This, the report says, is the biggest challenge for countries. The most serious shortcomings are in transparency, accountability, and control of corruption.
On average, low income countries can increase tax revenue by at least one to two percent of GDP by wiping out tax exemptions and improving tax administration.
3. More investment in infrastructure
The report says infrastructure spending will need to rise by 3.5 to 5 percent of GDP in low income countries and by 2.5 to 4 percent of GDP in low-middle-income countries
4. Enhancing the effectiveness of service delivery in human development
This is, quite simply, better targeting of education, health, and social aid services to poor people, as well as stepping up community participation and overcoming any obstacles to delivering those services.
Here the report suggests successful Bank-funded projects such as the Female Secondary School Assistance Program in Bangladesh should be scaled up. (link to related story)
Priorities for Developed Countries
The report says while developed countries have been big on commitment, their actions have fallen short.
Key issues that need to be addressed by developed countries include:
1. Sustaining stable and strong growth in the global economy
Here, the report says, a key issue is the orderly resolution of fiscal and external imbalances, especially the large United States external current account deficit.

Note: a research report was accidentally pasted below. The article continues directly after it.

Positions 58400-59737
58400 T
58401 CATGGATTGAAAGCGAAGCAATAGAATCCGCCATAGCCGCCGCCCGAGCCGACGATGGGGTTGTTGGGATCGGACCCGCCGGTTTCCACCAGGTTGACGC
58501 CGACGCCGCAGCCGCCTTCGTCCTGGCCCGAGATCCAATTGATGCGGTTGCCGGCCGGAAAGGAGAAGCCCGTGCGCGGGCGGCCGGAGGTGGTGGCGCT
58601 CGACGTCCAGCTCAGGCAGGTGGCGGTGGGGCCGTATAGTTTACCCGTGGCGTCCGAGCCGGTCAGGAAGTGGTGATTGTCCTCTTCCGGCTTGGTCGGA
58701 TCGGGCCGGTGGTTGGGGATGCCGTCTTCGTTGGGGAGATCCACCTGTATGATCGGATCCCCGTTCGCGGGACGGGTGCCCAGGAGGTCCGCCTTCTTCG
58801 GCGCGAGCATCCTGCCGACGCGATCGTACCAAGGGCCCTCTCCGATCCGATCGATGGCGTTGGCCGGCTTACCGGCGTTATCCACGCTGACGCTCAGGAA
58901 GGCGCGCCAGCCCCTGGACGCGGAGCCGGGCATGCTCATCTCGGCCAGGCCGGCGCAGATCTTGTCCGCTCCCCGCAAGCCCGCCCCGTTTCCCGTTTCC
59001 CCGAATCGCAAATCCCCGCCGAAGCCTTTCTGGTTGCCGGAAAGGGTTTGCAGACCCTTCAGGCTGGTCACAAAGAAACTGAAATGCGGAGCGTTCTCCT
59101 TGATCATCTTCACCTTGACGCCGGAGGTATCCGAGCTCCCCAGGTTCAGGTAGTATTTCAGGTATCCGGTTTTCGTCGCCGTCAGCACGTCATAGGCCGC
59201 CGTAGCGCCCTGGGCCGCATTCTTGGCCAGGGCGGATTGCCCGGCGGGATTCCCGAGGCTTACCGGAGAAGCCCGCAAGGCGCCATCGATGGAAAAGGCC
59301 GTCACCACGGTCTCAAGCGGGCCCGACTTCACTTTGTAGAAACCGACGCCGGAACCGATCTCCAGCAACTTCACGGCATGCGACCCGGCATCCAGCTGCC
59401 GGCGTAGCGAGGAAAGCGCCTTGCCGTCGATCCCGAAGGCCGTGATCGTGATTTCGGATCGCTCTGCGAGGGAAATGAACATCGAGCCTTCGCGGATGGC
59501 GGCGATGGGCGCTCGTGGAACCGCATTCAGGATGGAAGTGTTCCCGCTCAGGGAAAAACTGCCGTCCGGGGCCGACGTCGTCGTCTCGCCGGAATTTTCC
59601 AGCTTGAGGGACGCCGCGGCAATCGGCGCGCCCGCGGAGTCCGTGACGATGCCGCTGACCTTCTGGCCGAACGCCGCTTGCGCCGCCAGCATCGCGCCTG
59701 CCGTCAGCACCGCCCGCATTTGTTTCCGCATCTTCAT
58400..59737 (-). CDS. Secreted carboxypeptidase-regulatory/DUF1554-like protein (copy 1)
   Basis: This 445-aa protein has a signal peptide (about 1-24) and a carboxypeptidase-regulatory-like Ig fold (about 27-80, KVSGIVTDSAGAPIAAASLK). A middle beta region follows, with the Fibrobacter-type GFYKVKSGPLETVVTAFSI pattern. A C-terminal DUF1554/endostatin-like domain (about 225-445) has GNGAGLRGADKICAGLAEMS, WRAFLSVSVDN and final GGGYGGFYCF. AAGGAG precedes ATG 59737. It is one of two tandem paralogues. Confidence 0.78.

2. Ensuring a successful, pro-development and timely outcome to the Doha Round.
The report says high income countries, given their weight, should lead by example.
It says stronger growth, resulting from a pro-development outcome of the Doha Round, could increase real income in developing countries by $350 billion by the year 2015 (roughly equal to the entire GDP of Sub-Saharan Africa)
That, it says, would lift an additional 140 million people out of poverty by that year.
3. Providing more and better aid
The report says estimates show that at least an extra $30 billion in aid annually could be effectively used by developing countries.
It recommends that once those developing countries improve their policies and governance, the amount of additional aid that could be used effectively would be about $50 billion plus a year – to help developing countries meet the MDGs.
It says while aid volumes have risen recently, there was concern that much of the increase may have been dominated by strategic considerations – the war on terrorism, conflict and reconstruction in Afghanistan and Iraq.
4. Improving the policies for development
The report points out increased aid and other actions need to be part of a coherent overall approach to supporting development.
In many cases, it says, there are contradictions in policies, with support provided in one area undercut by actions in another.